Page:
Whilst it is very much “in vogue”, textile art wasn’t always taken so seriously… Shortly after graduating Anna took part in a fine art show, and was busy subverting the medium of embroidery with work about her innermost feelings when a man belittlingly said, “why don’t you just embroider flowers?” This spurred Anna to do a residency at a botanical garden funded by the Scottish Arts Council, where she produced a series of hand-embroideries. “Why? Because I’m a fine artist!” A vehement optimist she’s “always been good at taking rejection. If someone doesn’t get something, it doesn’t mean you should stop. Hear it, but don’t listen to it.”

Anna undoing 'Offcut-cord' at the National Festival of Making, with Forbo Flooring Systems, 2019

She continued to persevere, and in 2017 she was asked to take part in the “game-changing” exhibition ‘Entangled: Threads and Making’, featuring over 40 female artists at Turner Contemporary. “I was so delighted to be able to show with all of these people I've admired for years: Louise Bourgeois, Susan Hiller, Mona Hatoum, Maureen Hodge.” Since then, textile exhibitions have become the norm, much to Anna’s relief: “I feel so happy that I was part of that transition, having been working with textiles for so long in the country and not really finding a home in the gallery system.”

This kind of exposure “changes things” and in the last ten years Anna has been able to pursue several exciting commissions, exhibitions (including Collect Project Space 2012) and residencies. In 2018, she was picked for the ‘Home’ project in Ashford, Kent, where she worked with Syrian refugees and long-term residents to consider the notion of home, how we establish and re-establish it. “Week by week the ladies made drawings about home. Using their forms and images I produced handmade rubber stamps, and we developed this alphabet of motifs that became ours.” This culminated in cloths adorned with 32 repeat patterns, using each woman’s imagery miniaturised or expanded on. “I like to work collaboratively and support people in opening up what I know can be found by almost having a conversation with yourself – about feelings, colour, fears or joy… I know the value of that in my own work.”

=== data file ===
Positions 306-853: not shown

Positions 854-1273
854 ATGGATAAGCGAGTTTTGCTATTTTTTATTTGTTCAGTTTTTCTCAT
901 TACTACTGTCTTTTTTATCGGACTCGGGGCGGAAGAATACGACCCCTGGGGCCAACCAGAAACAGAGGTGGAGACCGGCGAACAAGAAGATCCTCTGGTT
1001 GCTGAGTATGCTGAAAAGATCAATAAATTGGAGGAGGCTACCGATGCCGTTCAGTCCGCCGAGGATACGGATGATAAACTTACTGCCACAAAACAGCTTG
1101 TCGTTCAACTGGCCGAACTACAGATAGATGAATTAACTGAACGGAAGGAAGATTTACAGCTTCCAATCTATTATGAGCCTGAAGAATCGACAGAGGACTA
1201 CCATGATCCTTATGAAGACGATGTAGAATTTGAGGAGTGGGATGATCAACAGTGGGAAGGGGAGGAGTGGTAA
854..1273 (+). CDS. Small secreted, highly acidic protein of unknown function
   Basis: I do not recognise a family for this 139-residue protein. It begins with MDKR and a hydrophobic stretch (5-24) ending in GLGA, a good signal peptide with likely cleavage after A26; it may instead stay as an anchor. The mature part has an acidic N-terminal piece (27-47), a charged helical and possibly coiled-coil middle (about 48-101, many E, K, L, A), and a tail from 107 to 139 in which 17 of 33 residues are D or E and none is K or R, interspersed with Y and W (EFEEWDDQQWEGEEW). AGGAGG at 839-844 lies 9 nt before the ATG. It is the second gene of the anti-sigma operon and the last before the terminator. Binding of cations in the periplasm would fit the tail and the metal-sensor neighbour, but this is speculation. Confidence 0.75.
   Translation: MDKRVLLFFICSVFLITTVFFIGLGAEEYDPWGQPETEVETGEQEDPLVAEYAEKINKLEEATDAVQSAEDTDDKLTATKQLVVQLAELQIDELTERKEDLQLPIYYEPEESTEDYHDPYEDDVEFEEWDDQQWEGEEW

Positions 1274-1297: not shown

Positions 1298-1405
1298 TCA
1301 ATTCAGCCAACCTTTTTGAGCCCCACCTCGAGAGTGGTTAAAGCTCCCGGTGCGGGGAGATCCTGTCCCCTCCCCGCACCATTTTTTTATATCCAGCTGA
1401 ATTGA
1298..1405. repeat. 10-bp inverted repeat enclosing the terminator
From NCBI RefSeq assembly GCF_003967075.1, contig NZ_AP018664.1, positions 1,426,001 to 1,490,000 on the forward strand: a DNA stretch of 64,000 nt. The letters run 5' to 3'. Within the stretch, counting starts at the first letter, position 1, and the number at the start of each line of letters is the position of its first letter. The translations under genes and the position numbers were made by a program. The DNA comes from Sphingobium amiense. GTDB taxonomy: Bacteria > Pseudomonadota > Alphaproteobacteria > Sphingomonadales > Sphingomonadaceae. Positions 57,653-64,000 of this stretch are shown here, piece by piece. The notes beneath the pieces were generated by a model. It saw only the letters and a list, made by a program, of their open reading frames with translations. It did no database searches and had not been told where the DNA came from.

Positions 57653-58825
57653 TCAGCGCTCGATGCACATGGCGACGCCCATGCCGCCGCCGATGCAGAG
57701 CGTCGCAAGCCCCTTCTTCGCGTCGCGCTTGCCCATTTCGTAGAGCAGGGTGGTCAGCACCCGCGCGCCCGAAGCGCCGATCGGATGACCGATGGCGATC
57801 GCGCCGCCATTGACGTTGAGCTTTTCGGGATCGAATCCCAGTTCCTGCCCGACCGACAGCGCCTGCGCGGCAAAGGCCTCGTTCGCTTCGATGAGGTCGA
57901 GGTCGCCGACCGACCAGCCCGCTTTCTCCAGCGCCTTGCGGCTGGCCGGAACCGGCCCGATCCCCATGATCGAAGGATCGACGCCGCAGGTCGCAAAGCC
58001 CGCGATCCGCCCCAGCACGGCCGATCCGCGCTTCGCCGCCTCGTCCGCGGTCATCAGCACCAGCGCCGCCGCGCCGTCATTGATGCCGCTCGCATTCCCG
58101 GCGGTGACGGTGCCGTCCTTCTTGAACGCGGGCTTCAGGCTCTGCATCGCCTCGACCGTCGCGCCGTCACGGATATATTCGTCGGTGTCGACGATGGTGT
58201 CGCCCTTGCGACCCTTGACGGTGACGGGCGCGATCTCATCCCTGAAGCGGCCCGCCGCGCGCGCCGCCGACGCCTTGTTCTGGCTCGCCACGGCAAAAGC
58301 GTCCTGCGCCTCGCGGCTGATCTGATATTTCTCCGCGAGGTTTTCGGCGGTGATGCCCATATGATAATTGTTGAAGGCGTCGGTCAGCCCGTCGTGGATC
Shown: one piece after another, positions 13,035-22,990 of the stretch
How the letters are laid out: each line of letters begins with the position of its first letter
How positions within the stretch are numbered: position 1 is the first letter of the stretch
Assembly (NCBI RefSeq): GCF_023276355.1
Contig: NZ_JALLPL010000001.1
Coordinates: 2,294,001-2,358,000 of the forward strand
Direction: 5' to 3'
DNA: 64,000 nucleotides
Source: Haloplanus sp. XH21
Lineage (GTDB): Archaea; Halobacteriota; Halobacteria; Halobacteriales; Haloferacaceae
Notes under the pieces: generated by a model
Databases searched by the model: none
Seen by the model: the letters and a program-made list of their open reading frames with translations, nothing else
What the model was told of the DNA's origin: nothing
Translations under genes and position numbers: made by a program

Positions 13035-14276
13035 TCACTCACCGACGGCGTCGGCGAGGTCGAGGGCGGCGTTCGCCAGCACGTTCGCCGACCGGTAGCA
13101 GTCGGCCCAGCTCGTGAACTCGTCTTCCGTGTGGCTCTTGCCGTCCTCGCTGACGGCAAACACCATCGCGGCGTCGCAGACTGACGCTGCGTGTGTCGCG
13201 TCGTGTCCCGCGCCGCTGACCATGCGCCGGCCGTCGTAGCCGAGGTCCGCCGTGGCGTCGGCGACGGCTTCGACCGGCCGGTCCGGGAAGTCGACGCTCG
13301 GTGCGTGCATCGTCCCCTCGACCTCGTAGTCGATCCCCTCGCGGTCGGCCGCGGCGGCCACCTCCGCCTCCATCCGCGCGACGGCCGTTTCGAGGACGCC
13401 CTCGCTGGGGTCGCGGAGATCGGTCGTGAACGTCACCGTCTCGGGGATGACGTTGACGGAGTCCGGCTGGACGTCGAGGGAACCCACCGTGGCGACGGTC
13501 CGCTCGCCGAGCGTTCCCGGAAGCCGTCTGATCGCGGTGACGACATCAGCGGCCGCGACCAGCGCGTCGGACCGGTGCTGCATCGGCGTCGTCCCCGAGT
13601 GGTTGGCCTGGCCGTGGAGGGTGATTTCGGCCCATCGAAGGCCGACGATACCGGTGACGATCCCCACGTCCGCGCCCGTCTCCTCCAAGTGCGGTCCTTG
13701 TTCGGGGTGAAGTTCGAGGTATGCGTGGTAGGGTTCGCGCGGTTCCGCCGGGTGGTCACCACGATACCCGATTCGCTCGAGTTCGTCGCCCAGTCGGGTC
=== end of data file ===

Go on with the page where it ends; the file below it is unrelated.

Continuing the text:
Two Syrian women contributing to the 'Home' project, 2018, in collaboration with People United, Diocese of Canterbury and Ashford Borough Council in Ashford, Kent
 
'Flowers Gather Hearts', The 'Home' project, 2018 

Now, there's “lots and lots” coming up for Anna including ‘Home’ on tour, The British Textile Biennial in Lancashire, A-level teaching and a research project at Leeds University on 3D weaving technology, following a residency in Bristol with Dash & Miller. She’s also looking into the connection between her Huguenot ancestors, who were silk-weavers, and her grandfather’s work with one of the first computers in Walthamstow, based on the punch card system of the Jacquard loom.

Advice for textile graduates? “If you want to do something, you do it. If you have a fallow period, then just carry on making, use that quiet space to push your ideas and try something new.” And if you ever feel like giving up, heed these words: “just when I was thinking that this life of an artist was too hard, especially with a baby, I saw my work in this church, and thought, instead of scaling down it's time to go further and be more ambitious.”